Anaphylaxis and Coronavirus Disease 2019 Vaccine: A Danger Relationship?

Luciana Kase Tanno; Mariana Castells; Marco Caminati; Gianenrico Senna; Pascal Demoly


Curr Opin Allergy Clin Immunol. 2021;21(5):411-417. 

In This Article


The Truth Regarding Anaphylaxis due to Vaccines

Anaphylaxis, both immunoglobin E (IgE)- or non-IgE-mediated, is clinically known as a systemic hypersensitivity reaction characterized by rapid onset and the potential to endanger life through airway, breathing or circulatory involvement. It is usually, although not always, associated with skin and mucosal changes.[13] Its heterogeneous clinical presentation and sudden occurrence in virtually any setting without warning hampers the prompt recognition and treatment of this condition, increasing the risk of death. This multifaceted disease can occur at any age and in varying degrees of severity.[13] European data indicated incidence rates of all-cause anaphylaxis ranging from 0.3 to 7.9/105 people/year, with an estimate that 0.3% (95% confidence interval [CI] 0.1–0.5) of the population will suffer from anaphylaxis at some point in their life, known as the 'lifetime anaphylactic risk'.[14,15] The calculation made at the Montpellier University Hospital Center is 0.32/105 (95% CI 0.28–0.65).[15] Although it is a cause of death well known by physicians, anaphylaxis has never been properly monitored due to the difficulties of classification and coding in the different versions of the WHO International Classification of Diseases (ICD). For this reason, anaphylaxis has never been considered underlying cause of death in death certificates leading to under notification, until recently thanks to the construction and implementation of its 11th version, ICD-11 by the WHO Collaborating Center in Montpellier with the WHO governance for international classifications.[16,17] Strikingly however, it has been listed for a long time in vaccine safety surveillance programs.[18]

Although severe, anaphylaxis due to vaccine is extremely rare, estimated at 2.5–11/1 000 000, and specific cases should receive individualized investigation and care.[19–21] However, this data is based on passive reports and most of cases have not been deeply evaluated or validated by allergists. Also, difficulties in recognition anaphylaxis, in particular of less severe cases, can hamper the collection of accurate epidemiological data of reported cases.

The frequency of anaphylaxis[21] varies from vaccine to vaccine as follows: DPT (diphtheria, pertussis and tetanus) (0.36/100 000, usually due to the vaccine agent), influenza (0.08/100 000, exceptionally due to ovalbumin), MMR (measles, mumps and rubella) (0.18/100 000, less and less due to the porcine gelatin stabilizing it, never to the egg proteins it actually barely contains).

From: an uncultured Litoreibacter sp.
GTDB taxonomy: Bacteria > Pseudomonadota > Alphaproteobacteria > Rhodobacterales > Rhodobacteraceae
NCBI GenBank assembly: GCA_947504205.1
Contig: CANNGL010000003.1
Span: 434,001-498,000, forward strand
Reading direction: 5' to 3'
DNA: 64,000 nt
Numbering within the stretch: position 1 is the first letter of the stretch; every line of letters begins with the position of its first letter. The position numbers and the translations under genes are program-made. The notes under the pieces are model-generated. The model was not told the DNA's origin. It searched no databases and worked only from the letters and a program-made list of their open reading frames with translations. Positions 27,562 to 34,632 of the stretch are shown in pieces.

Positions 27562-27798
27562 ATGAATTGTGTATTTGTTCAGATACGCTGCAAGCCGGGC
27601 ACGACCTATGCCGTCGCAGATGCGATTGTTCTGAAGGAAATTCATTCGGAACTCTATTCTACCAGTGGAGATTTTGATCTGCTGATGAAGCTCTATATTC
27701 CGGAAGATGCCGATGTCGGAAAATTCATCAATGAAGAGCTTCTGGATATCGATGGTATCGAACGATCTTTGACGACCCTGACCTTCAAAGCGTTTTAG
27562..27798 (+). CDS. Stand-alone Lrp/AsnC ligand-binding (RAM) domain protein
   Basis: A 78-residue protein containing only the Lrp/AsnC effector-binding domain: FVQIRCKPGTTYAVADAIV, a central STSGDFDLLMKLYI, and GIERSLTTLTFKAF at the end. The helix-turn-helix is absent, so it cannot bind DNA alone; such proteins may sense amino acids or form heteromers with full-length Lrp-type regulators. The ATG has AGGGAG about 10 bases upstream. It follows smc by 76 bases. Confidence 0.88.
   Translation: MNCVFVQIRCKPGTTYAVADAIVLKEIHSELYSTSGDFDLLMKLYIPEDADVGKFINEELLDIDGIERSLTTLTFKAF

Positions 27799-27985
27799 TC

Anaphylaxis to mRNA-corona Virus Disease 2019 Vaccines: A Matter of its Components?

Allergic reactions to vaccines are generally due to adjuvants and other excipients/components in the vaccine such as preservatives and antibiotics, rather than to the active component itself.[10] Although the exact cause of vaccine-associated anaphylaxis with mRNA vaccines is still unknown, a polyethylene glycol (PEG)-conjugated lipid derivative in the lipid nanoparticles was immediately suspected to be the causative agent, a 'crime of dirty faces'.[22]

PEG, also known as macrogols, are a group of polyether compounds that are widely used in medicinal, cosmetic and household products (including creams and lotions, shampoo, hair dye, and dental hygiene products). They are formed via the polymerization of ethylene oxide, resulting in PEG polymers of variable chain length and thus molecular weight.[23]

In COVID-19 vaccines, the inclusion of pegylated nanoparticle encapsulating the mRNA impairs enzymatic degranulation of the mRNA, increases the water-solubility and, therefore, the bioavailability of the lipid nanoparticles. The Pfizer-BioNTech vaccine contains two novel lipid nanoparticles, one of which is 'pegylated' (polyethylene glycol of molecular weight 2000 Da, abbreviated to PEG-2000). The Moderna mRNA vaccine also includes a different pegylated lipid (also a PEG-2000).

PEG allergy is very uncommon, despite the widespread use in medicines, foods and household products. The majority of reports are due to high molecular weight PEG present as excipients in intra-articular corticosteroids or as active ingredients of laxative and bowel preparations.[23,24] The PEG-induced reactions publications appear to be at the more severe spectrum, most describing multiple episodes of anaphylaxis, often requiring multiple doses of epinephrine.[24]

The underlying mechanism of PEG-associated anaphylaxis is largely unknown, although IgE-dependent and IgE-independent mechanisms have been proposed. Recent report suggests that basophil activation tests to PEGylated liposomal drugs may be useful for the assessment of BNT162b2- (Pfizer-BioNTech COVID-19 vaccine) associated anaphylaxis.[24,25]